MIAMI: When Venezuelan journalist Eulimar Nunez saw the airport chaos triggered by President Donald Trump’s now-suspended executive order on immigration, she decided to try to upgrade her status from permanent resident to US citizen.Like her, many foreigners in Florida — living in the country legally or illegally — are in a state of fear and confusion.
“It is not that I think he is going to go after Venezuelans. But everything is so unstable and all the rules are changing so fast that I am terrified,” said Nunez, 34, who has lived in Miami as a legal resident since 2010.
She remembers the pandemonium that broke out in many US airports when Trump on January 27 abruptly signed an order barring nationals from seven mainly Muslim countries for 90 days, all refugees for 120 and Syrian refugees indefinitely.
Some of those arriving from the seven Muslim countries, including Iraq, Iran and Syria, were detained and sent back on the next flight. People with valid US visas who happened to be abroad, such as students or researchers, were unable to return to America.
A judge in Seattle suspended the order, and on Thursday night a three-judge panel in San Francisco declined to reinstate it. The case will now likely go to the Supreme Court.
“I am shocked by the lack of communication with which these decisions were made, and the sloppy way in which they were carried out,” said Nunez. “So I am very afraid of depending on the discretion of US agents.”
That fear is cited by many foreigners who, like Nunez, are rushing to upgrade their legal status in the United States: from work visa to permanent resident — the so-called green card holders — or from the latter to US citizen.
“Since Trump won it has been sheer madness,” said Lorraine Perez, an immigration lawyer in Miami. “But the fears are not unfounded.”
Attorneys like her say they have obtained a draft executive order that would make it harder to get work visas — for example for business executives or people looking to come to America to invest — by requiring a higher level of education.
Perez said it is not known when Trump will sign this order.
She said that under the draft, in order to get a work visa people will now need an advanced university degree. It will also become harder for foreigners living in America legally to bring family members over with them.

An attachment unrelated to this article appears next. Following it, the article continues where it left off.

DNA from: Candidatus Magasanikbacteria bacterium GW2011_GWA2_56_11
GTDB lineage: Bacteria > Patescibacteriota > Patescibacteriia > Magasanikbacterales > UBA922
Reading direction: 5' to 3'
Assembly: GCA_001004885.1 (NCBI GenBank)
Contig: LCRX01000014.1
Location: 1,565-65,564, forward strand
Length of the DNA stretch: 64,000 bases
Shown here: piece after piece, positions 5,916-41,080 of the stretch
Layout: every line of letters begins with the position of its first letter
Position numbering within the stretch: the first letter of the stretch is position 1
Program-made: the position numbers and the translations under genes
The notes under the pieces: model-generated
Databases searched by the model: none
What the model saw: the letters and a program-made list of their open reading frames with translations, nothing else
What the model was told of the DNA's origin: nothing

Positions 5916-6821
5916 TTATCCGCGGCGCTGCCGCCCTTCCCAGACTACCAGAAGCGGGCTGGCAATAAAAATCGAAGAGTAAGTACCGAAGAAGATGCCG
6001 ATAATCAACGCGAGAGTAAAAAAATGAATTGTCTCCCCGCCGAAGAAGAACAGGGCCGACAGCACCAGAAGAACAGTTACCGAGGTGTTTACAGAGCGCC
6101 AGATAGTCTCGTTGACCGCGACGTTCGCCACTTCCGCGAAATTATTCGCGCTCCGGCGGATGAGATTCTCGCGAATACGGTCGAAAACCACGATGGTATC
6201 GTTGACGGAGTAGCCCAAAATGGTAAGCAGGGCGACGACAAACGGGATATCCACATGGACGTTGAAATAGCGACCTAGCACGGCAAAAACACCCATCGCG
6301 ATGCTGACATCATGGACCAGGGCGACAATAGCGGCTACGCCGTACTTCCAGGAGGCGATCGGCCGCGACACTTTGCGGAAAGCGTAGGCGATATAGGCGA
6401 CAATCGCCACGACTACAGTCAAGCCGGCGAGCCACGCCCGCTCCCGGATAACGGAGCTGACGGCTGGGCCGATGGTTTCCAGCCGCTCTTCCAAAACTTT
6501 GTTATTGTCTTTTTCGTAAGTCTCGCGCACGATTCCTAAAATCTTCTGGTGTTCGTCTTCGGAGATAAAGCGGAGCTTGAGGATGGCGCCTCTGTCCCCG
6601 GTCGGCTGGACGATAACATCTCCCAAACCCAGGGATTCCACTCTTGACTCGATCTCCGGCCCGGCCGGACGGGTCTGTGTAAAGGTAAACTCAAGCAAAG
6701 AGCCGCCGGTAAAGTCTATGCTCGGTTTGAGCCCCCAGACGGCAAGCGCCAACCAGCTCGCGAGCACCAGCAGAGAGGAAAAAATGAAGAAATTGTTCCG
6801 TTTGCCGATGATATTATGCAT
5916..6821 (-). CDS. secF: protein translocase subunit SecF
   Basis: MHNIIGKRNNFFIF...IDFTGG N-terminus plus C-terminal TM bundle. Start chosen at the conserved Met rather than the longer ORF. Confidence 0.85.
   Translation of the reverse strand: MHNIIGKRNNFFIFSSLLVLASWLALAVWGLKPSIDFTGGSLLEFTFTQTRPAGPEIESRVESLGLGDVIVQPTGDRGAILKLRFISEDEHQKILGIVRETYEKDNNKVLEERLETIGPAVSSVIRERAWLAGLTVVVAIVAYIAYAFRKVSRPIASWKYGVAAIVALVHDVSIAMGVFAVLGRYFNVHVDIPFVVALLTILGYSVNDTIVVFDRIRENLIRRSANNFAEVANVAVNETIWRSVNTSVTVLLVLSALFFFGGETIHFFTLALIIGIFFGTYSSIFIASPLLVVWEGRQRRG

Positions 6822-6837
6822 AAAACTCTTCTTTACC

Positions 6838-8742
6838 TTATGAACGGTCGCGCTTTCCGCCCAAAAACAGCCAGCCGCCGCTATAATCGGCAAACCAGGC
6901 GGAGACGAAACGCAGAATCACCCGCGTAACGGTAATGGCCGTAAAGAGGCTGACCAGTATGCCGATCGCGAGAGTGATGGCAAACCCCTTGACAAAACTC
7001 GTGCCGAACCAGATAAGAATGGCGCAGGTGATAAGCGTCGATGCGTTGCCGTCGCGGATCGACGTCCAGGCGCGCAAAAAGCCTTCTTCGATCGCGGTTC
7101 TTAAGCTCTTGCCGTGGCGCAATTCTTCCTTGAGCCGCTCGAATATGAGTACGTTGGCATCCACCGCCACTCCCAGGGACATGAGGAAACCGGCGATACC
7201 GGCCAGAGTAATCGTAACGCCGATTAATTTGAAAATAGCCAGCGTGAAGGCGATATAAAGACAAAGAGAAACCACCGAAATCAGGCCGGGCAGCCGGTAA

So people seeking one of these kinds of visas are rushing to get the paperwork done before Trump signs the order.
“I have been a lawyer for 20 years and I have never seen anything like this,” said immigration attorney Ada Pozo, whose firm has offices in Miami, Atlanta and New York.
Pozo said that in all three cities, her work volume has increased five-fold. “People are really scared, and justifiably so,” said Pozo.
The Migration Policy Institute says Florida is home to 650,000 immigrants who do not have legal residency papers. A study by the Pew Research Institute says Miami has the fifth largest undocumented alien population in America, at 450,000 people.
Fear and rumors
United States Citizenship and Immigration Services and the American Immigration Lawyers Association told AFP they did not have recent figures that would give an idea of the increase in visa applications since Trump won the presidential election in November.
But even if the evidence is anecdotal, the fear in the air is palpable.
“My advice to residents who qualify for citizenship is that they file, because rights are being taken away,” said Pozo, who is also a spokeswoman for AILA in Florida.
People living in Florida illegally have the most jitters.
They got even worse when Miami Mayor Carlos Gimenez decided January 26 to bow to a defunding threat from Trump and removed Miami from the list of so-called sanctuary cities, in which local authorities do not cooperate with federal immigration officials seeking to arrest or deport people without papers.
Last week, a tweet spread like wildfire: it said immigration authorities had set up several checkpoints in Miami. Journalists fanned out to report on detentions, but in the end there were none.
“It was fake news,” said Nestor Yglesias, a spokesman for US Immigration and Customs Enforcement in Miami. “There were never any checkpoints.”
For the past week Yglesias has been shooting down rumors of checkpoints and immigration raids in Miami Beach.
Francisco Portillo, director of an NGO called Francisco Morazan Honduran Organization, said “none of this happened. But our people are now in a state of panic, uncertainty and fear.”
“There are mothers who do not want to leave their children in school because they are afraid they will be taken away,” said Portillo. “Some people do not want to go to work. Those who were forced to drive without a license are no longer driving.”